Around 13% of women in the United States will develop an aggressive form of breast cancer. Although this looks alarming, breast cancer can be treated in many ways. Radiation therapy is one of them, but there are side effects of radiation for breast cancer. What is radiation therapy, and is it effective and safe? This article will explain what it is, why it is used to help treat breast cancer, what the most common side effects are, and how you can manage them.
What is Breast Cancer?
Cancer is a disease wherein the cells lose regulations in cell division and continuously replicate. This uncontrolled growth and division of cells form a mass which is known as a tumor. Breast cancer occurs when these abnormal cells are found in the breast. The most common cells affected are the lining of the milk ducts. Usually, a mass is felt in the breast, but invasive breast cancer can spread through the blood or the lymphatic system and be transported throughout the body. Breast cancer is the most common cancer among American women. It is second to lung cancer as the highest cause of cancer-related death among women.
Breast Cancer Symptoms
Changes in how the breasts look and feel are important in identifying breast cancer. These changes could look like this:
- Breast lump
- Changes in breast size or shape
- Breast swelling or pain
- Dimpling of the skin in or around the breast (resembles an orange peel)
- Changes in the nipple (inward turning of the nipple, nipple that is dry or flaky, nipple discharge, nipple pain)
- Lymph nodes that are swollen or painful
Having these symptoms does not automatically point to breast cancer. However, when these are encountered, it is important to see a doctor right away to have them evaluated. Checking for symptoms also does not replace routine screening for breast cancer, especially for high-risk populations.
Treatment for Breast Cancer
There are many options to treat breast cancer, depending on the type and severity of the cancer. As some forms of breast cancer are very aggressive and invasive, treatment usually consists of combining different treatment options. These include surgery, chemotherapy, radiotherapy, and hormonal therapy. It all depends on the stage and invasiveness of the cancer. For some forms, conservative surgery may be done first, followed by radiation therapy and chemotherapy or hormonal therapy.
What is Radiation?
Radiation is energy produced and released from electromagnetic waves or subatomic particles. Radiation therapy works by preventing cancer cells from dividing and multiplying. It exposes cells to high-energy rays, which can either directly kill the cells or result in genetic changes that can cause cell death.
Radiation therapy for breast cancer is done in various areas. Radiation can be performed in the breast, chest, underarm area, and above or below the collarbone. It is regularly done in short courses for over 3 to 4 weeks or sometimes longer. It is also usually done along with hormonal therapy.
Why is Radiation Used to Help Treat Breast Cancer?
Radiation therapy is an important addition to the treatment of breast cancer. After surgery, it decreases the rate of cancer recurrence, the chance of complications and death, and improves patients' chances of survival. It is also a good treatment option as breast-conserving therapy. After conservative surgery, which can still preserve the breast, radiation therapy helps with local control of spread.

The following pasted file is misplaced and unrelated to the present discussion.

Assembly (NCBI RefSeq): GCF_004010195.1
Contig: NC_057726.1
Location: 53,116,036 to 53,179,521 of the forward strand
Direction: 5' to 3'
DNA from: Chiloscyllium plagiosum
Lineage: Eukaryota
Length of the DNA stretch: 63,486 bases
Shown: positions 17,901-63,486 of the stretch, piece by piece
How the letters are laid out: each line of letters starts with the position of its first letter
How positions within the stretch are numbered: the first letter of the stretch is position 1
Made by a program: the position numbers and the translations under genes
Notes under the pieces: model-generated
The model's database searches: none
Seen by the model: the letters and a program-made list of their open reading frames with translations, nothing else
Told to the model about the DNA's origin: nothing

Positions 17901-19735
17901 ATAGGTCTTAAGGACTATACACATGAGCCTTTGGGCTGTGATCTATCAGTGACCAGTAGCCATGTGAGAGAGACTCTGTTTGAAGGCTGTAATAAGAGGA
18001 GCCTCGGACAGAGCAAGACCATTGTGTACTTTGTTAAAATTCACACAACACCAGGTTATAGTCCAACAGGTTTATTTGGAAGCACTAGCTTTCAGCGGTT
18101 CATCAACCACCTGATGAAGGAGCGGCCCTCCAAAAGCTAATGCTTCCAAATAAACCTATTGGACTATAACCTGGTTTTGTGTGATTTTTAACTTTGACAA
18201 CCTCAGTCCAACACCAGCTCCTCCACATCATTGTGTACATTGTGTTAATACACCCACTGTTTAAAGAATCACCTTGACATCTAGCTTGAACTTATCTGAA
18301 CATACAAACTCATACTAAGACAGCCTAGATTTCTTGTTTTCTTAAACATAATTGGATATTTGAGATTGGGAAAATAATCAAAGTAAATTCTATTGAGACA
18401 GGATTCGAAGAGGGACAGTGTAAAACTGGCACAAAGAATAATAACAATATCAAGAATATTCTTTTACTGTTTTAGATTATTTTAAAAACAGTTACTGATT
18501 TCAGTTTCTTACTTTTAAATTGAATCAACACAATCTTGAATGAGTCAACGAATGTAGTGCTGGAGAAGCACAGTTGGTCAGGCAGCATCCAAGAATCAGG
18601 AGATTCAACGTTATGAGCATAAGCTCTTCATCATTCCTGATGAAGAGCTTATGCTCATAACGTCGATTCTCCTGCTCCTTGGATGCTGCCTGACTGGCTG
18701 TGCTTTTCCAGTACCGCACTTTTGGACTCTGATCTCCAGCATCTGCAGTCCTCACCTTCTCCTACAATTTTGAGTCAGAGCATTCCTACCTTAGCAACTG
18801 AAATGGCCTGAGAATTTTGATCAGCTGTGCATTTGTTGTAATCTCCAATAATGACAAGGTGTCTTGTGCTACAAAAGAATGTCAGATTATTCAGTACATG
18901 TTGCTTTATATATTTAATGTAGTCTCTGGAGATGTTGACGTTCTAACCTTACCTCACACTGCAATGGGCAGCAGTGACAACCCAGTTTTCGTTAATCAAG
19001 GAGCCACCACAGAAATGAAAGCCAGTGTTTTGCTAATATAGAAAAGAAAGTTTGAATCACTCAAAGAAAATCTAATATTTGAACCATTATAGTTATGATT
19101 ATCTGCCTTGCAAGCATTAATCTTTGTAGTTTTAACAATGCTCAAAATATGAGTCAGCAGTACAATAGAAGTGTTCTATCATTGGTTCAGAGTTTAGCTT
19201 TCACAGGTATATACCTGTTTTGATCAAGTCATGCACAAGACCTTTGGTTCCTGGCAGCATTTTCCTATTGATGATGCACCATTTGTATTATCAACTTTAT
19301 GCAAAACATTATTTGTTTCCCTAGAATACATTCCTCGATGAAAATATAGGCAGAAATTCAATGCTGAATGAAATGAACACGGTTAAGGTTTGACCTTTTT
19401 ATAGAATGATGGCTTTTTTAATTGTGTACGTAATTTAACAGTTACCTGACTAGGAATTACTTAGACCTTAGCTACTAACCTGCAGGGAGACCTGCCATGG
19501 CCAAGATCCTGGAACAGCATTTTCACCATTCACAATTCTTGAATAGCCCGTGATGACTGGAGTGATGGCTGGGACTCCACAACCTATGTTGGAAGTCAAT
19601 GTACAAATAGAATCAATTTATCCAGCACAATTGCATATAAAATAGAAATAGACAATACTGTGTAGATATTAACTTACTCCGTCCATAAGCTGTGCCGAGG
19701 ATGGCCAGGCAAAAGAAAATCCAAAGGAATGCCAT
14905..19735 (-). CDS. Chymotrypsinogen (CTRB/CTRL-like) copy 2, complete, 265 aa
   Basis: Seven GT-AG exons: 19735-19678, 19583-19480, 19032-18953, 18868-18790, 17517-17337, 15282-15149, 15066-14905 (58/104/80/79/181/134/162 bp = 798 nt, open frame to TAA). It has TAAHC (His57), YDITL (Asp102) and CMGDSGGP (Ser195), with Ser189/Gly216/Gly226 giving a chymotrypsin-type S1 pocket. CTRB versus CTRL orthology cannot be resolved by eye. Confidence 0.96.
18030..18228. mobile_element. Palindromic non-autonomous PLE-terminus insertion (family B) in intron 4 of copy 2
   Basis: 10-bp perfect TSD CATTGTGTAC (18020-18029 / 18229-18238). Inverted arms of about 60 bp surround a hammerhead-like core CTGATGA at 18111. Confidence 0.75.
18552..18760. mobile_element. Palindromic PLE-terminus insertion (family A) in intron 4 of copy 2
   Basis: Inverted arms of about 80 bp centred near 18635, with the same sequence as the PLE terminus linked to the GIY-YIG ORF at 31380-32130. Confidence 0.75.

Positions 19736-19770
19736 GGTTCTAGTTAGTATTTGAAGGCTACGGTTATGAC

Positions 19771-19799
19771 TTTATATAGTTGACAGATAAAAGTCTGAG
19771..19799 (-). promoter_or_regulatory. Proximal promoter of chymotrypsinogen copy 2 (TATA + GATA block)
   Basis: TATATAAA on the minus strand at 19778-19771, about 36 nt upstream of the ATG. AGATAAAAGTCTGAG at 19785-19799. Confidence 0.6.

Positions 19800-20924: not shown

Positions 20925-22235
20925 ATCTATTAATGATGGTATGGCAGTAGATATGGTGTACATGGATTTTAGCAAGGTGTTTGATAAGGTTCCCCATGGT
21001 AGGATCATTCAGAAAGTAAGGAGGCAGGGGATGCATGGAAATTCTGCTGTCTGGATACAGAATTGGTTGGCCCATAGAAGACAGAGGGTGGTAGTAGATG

What Are the Most Common Side Effects of Radiation?
Radiation therapy is beneficial to patients with breast cancer. It is non-invasive and preserves the structure of the breast. However, every treatment has its side effects. Side effects of radiation vary, and some may be immediately evident while others take time to manifest. It is important to know about the side effects to be able to make an informed decision before therapy.
Some side effects may be immediately noticeable weeks after starting treatment. These include breast pain or discomfort. It can become itchy, red, and peel like it was sunburnt. Another side effect is fatigue, feeling weak or tired, and lacking energy. This usually begins after radiation treatment and can last for months after the treatment ends. Fatigue can also lead to sleeping problems such as insomnia.
More long-term side effects include discoloration of the breast and changes in the size of the breast, becoming smaller over time. Swelling of the breast, back, or chest area can also occur due to the accumulation of fluid in the arms. This condition is called lymphedema and occurs if radiation therapy includes the lymph nodes in the underarm area or above the collarbone.
How to Manage the Side Effects of Radiation
Despite radiation therapy having side effects, there are ways by which we can alleviate them. Some are simple remedies, while others may need the evaluation and help of a doctor. For breast soreness or pain, common pain relievers such as ibuprofen or acetaminophen can be helpful. If the breast becomes red, itchy, or beings peeling, some creams can be used for relief.
Exercising and getting enough sleep can help combat fatigue. Short, simple exercises such as walking for 20 to 30 minutes per day can help alleviate this side effect. If fatigue or sleeping problems persist or lymphedema is evident, a doctor can help manage them.
Breast cancer is a very challenging illness, but we have many treatment options for people with it. Remember, no treatment is without side effects. It is crucial to be aware of these treatment options and their side effects to give the best management for every person.